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« Petersham Nurseries | Main | Pumpkin seed & sesame bread: WTSIM#4! »

Apr 23, 2007



Must go foraging for some wild garlic. Living out in the 'sticks' there must be tonnes around here! I love the idea of wild garlic in risotto. Perfect coupling!


Yum - that is a great risotto recipe. I haven't made risotto in so long - I need to set aside a night to do that this week.

Have you ever done a search for risotto on the Better Homes & Gardens website? They have, like, a 1000 variations. I figured you might like some of them:


I'm completely nuts about Wild Garlic and this sounds truly delicious!! I'll definitely be giving this a try, thanks for sharing this recipe!


Is there any chance that your wild garlic is the same as what we in New England call "Ramps"? Your description (looking like lily of the valley) sounds like it...


We have a whole field of these outside our apartment - they are all over Holland!


wild garlic is allium ursinum, whereas the latin classification for ramps is allium tricoccum. they look very similar, though, even though the ramps i see on wikipedia look stronger/thicker than the very tebder leaves of wild garlic and might require more cooking, rather than just stirring into the risotto as i did with my leaves.
but, being from the same family, they should taste just as nice in a risotto!


I've been rummaging around the hedgerows/woods this weekend looking for wild garlic - with zero success I might add.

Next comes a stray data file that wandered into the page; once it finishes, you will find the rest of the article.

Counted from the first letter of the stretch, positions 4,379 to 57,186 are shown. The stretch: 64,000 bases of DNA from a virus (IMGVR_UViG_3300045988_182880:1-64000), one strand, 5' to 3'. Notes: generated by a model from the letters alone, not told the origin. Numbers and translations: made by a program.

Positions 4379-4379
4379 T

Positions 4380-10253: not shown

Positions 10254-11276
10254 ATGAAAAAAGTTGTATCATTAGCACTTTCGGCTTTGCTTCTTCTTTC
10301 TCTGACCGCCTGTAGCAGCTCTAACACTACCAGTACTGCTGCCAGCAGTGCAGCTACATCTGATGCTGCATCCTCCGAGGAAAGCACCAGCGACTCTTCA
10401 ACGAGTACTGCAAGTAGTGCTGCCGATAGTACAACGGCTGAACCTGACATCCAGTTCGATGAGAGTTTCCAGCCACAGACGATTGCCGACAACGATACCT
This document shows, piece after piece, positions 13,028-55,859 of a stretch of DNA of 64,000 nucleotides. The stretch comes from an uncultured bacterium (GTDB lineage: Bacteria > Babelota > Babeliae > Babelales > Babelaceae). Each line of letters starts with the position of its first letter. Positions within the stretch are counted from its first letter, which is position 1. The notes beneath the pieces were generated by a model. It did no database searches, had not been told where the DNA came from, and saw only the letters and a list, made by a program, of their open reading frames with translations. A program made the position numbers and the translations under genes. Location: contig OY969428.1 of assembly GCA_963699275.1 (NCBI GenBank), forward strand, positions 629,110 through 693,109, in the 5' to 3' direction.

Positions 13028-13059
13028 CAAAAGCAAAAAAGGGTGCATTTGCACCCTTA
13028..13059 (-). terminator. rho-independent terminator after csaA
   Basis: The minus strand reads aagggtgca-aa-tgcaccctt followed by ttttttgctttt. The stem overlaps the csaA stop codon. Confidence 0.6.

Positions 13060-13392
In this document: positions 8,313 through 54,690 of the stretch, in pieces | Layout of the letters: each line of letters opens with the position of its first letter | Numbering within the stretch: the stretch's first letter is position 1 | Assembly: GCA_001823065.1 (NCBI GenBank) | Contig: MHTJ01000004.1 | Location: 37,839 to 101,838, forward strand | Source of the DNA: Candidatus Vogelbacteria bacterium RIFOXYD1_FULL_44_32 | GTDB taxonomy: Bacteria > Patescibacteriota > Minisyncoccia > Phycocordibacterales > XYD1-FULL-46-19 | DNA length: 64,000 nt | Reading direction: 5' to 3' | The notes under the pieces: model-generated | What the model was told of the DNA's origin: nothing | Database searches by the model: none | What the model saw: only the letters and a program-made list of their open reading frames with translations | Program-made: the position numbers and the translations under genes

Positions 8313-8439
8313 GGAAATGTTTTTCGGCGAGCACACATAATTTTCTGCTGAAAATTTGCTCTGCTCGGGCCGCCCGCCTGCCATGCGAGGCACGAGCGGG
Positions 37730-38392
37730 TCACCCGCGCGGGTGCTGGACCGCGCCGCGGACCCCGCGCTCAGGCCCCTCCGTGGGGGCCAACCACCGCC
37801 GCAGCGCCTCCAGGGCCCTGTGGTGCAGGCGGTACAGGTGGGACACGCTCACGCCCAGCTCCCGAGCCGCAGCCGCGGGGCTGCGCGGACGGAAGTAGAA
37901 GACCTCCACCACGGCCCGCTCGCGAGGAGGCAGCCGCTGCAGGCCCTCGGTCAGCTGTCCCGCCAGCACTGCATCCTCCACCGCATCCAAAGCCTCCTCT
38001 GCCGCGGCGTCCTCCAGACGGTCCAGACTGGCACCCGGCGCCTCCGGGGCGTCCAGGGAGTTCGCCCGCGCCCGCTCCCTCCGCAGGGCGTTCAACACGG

I'm jealous of your travel and your garlic.


well, andrew, at least you can be certain you didn't pick anything poisonous ;-)
peabody, i will be writing down some of my experiences soon, so in case you happen to go to vienna, you have some tips!


Delicious!! I'm torn here. Wild garlic (known as 'karulauk' or bear's garlic here) is a protected species here, and you're not supposed to pick them in the wild. My seeds didn't germinate, unfortunately. Yet apparently there's a forest near our house where you can find some... Oh well, I should check the local market these days to see if they've got some cultivated wild garlic there...


¿Y cuando cueces el "bärlauch" sigue teniendo sabor a ajo? Yo solo he conseguido mantenerle el sabor a ajo cuando lo hago crudo...
¿Cual es el secreto?


marona, si mantiene su sabor a ajo, pero es muy delicado. si lo utilizo en sopa, le pongo una papa nada mas y un monton de baerlauch al final... en este caso con el risotto, como se lo pones al final, en realidad no cuece, asi que guarda su aroma. pero es bastante sutil en esta receta, eso si.


Love that wild garlic too!


Thanks for the botanical classification! I will try it with ramps if I can find any.

Susan from Food "Blogga"

Ah, the famous white asparagus, hey? I still haven't seen it at my farmers' market, but I'm eagerly waiting. We do have a nice variety of garlic though, which would be great for your risotto. I especially like your addition of the smoked paprika, which must add complexity to it. Lovely post and recipe.

sandi @ the whistlestop cafe

I love white asparagus- but can rarely find it in Alabama. The risotto looks perfect!


yes, the famous white asparagus. i've seen some on the borough market already, but it's the french variety, which isn't quite as tasty as what i grew up with. but i will, of course, buy it... cannot resist the temptation. smothered with butter, then sprinkled with parmesan, there's hardly anything simpler or better. except fresh crusty baguette (still warm) with salted butter, of course!


I made pesto out of it last week. It grows like weeds in the Englischer Garten in Munich.
The pesto is yummy! Much better than any store-bought stuff.

Steamy Kitchen

this sounds so delicious!!!


I hope you don't mind but I made the dish and posted it on my blog. I gave you all the credit though for the simple yet tasty combination.

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